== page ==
As 2018 is now in full flow I thought it was about time that I filled my bookshelf at least with an initial set of books to read in the year ahead. As Naseem Taleb discusses in his book, The Black Swan, the intelligence of a person is not indicated by the books they have read in their library but by the books they are yet to read. He suggests the books yet to be read are an acceptance of what we are yet to learn as well as an intention to continue learning through reading. In this vain I aim to keep my bookshelf filled with the books I am yet to read.
So to my book list for 2018; the initial books are:
- The Upside to Irrationality by Dan Ariely
- Open by David Price
- The Marshmallow Test by Walter Mischel
- Shut Up, Move On by Paul McGee
- Make it Stick by Peter Brown
- The $100 Startup by Chris Guillebeau
- Twitter Power 3.0 by Jim Taylor and Joel Comm
- Daily Rituals by Mason Currey
- Change by Richard Gerver
- The Gift of Failure by Jessica Lahey
In addition to the above books I have also picked a couple focused on data science for the year ahead. The reason for this is an interest in how schools might make better use of data which fits with my current experimentation with Microsoft PowerBI. The books in relation to data science are:
- Data Science from Scratch by Joel Grus
- Storytelling with Data by Cole Nussbaumer Knaflic
The above twelve books represent my initial book list for 2018. Twelve books to match my plan to read at least one book per month however I have every intention to add to this list as the year goes on or as my focus or interest areas change. I have already had a list of books suggested to me by Matthew Larson (@mlarson_nj) of which I suspect a number will be added to my reading go list.
Let my 2018 reading begin…..
During 2017 I set myself the target of reading a minimum of a book per month. In the end I achieved this despite also studying for my CISSP exam which I then sat in December 2017. I note that my reading rate was pretty high during the start of 2017 however dropped to almost nothing in the last month or two of the year as I focused more on studying for the CISSP exam.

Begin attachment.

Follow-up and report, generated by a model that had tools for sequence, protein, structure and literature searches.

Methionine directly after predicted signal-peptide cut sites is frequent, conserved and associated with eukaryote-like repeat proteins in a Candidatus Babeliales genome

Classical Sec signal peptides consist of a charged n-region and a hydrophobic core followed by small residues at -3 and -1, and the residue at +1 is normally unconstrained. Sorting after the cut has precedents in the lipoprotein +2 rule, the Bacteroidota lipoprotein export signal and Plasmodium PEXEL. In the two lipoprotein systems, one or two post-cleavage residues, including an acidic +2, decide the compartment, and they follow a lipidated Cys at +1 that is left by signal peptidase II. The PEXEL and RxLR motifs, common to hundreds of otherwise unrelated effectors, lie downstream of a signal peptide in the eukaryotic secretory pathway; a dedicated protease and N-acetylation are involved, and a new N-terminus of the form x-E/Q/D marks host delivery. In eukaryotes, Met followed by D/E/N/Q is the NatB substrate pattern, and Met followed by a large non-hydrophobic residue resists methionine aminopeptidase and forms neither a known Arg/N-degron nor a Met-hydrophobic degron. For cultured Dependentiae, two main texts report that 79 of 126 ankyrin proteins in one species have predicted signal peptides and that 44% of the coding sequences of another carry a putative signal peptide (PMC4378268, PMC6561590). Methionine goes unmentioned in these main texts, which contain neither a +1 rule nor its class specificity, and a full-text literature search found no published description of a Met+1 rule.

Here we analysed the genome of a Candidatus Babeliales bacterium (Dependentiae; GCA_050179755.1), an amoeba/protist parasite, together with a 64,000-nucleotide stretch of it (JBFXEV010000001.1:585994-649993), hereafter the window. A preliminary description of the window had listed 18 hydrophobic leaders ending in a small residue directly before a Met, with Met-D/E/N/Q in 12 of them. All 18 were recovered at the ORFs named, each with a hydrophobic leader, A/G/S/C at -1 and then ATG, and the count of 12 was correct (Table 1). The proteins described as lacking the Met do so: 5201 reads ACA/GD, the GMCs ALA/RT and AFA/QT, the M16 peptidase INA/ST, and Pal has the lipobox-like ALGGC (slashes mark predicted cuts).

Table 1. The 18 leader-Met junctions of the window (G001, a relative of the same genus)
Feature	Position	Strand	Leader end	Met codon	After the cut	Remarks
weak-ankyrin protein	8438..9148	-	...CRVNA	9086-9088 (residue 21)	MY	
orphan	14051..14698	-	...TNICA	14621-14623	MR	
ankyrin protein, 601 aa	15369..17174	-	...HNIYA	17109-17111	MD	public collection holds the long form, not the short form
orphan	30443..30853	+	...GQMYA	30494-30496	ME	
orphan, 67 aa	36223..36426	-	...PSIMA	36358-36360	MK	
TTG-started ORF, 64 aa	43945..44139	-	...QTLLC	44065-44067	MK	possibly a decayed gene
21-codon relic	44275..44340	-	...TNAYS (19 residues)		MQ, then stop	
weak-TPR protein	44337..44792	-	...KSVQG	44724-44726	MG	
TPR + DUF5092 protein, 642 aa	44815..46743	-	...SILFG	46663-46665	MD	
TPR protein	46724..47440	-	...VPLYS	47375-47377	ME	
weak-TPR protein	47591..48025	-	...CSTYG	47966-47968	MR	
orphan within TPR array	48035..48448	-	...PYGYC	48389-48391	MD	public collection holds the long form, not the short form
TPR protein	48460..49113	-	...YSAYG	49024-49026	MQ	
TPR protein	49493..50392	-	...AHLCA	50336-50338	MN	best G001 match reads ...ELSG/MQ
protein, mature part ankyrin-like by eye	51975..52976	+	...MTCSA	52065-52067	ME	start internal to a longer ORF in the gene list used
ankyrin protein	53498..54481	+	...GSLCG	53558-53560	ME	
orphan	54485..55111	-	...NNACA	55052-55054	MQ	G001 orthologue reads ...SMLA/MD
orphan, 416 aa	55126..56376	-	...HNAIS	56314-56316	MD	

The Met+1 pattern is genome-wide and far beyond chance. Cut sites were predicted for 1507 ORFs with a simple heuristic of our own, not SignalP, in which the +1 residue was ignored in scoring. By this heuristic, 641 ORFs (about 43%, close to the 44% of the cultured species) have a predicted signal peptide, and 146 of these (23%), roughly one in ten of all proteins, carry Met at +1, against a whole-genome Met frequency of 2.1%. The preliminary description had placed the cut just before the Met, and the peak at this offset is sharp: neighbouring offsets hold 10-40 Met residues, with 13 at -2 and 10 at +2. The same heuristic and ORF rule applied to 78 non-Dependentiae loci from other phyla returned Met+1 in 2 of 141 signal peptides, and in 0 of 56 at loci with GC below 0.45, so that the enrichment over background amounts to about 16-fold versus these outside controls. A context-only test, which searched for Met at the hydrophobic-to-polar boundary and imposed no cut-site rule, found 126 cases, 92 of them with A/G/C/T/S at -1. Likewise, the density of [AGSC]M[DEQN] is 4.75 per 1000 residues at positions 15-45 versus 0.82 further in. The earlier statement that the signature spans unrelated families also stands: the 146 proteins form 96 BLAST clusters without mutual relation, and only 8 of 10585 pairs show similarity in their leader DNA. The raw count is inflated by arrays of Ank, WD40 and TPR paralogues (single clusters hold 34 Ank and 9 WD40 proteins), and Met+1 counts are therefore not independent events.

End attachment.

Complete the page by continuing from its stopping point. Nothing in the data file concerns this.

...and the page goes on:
Given below are the books which I read in 2017:
- Essentialism by Greg McKeown
- Herd by Mark Earls
- Predictably Irrational by Dan Ariely
- The Power of Habit by Charles Duhigg
- Grit by Angela Duckworth
- Focus by Daniel Goleman
- The Denial of Death by Ernest Becker
- Being Brilliant by Andrew Cope
- Learning with e’s by Steve Wheeler
- Culture Map by Erin Meyer
- The subtle art of not giving a F*ck by Mark Manson
- Bounce by Matthew Syed
- Moving Toward Global Compassion by Dr. Paul Ekman
- Meditations by Marcus Aurelius
- The Obstacle is the Way by Ryan Holiday
- Outliers by Malcolm Gladwell
From the above I think the Culture Map was one of my favourites due to having worked in the UAE and therefore having to experience the differences in relation to working practices across cultures first hand. I just wish I had read the book ahead of going out to the UAE as it would most likely have allowed me to avoid some initial issues I experienced. The Power of Habit and Predictably Irrational are two other favourites from my 2017 reading as they both focus on how we humans believe we are rational and considering of our decisions however in reality our decision making and actions are often the result of habit or the instincts of the human anaimal.
I have already started to put together a basic reading list for 2018 which includes:
- SUMO (Shut Up, Move on) by Paul McGee
- The Upside of Irrationality by Dan Ariely
- The Marshmallow Test by Walter Mischel
I am also considering adding a couple of leadership related books along with some books on data science, which is something which currently interests me.
Reading continues to be something I believe to be an important part of life, in its ability to allow us to explore new viewpoints, thoughts and ideas. I look forward to another year of reading.
During 2016 I had set myself a target of reading 1 book per month. Despite a number of other pressures and priorities I managed to meet this target with the below photo being of my bookshelf and some of the books I have read during 2016.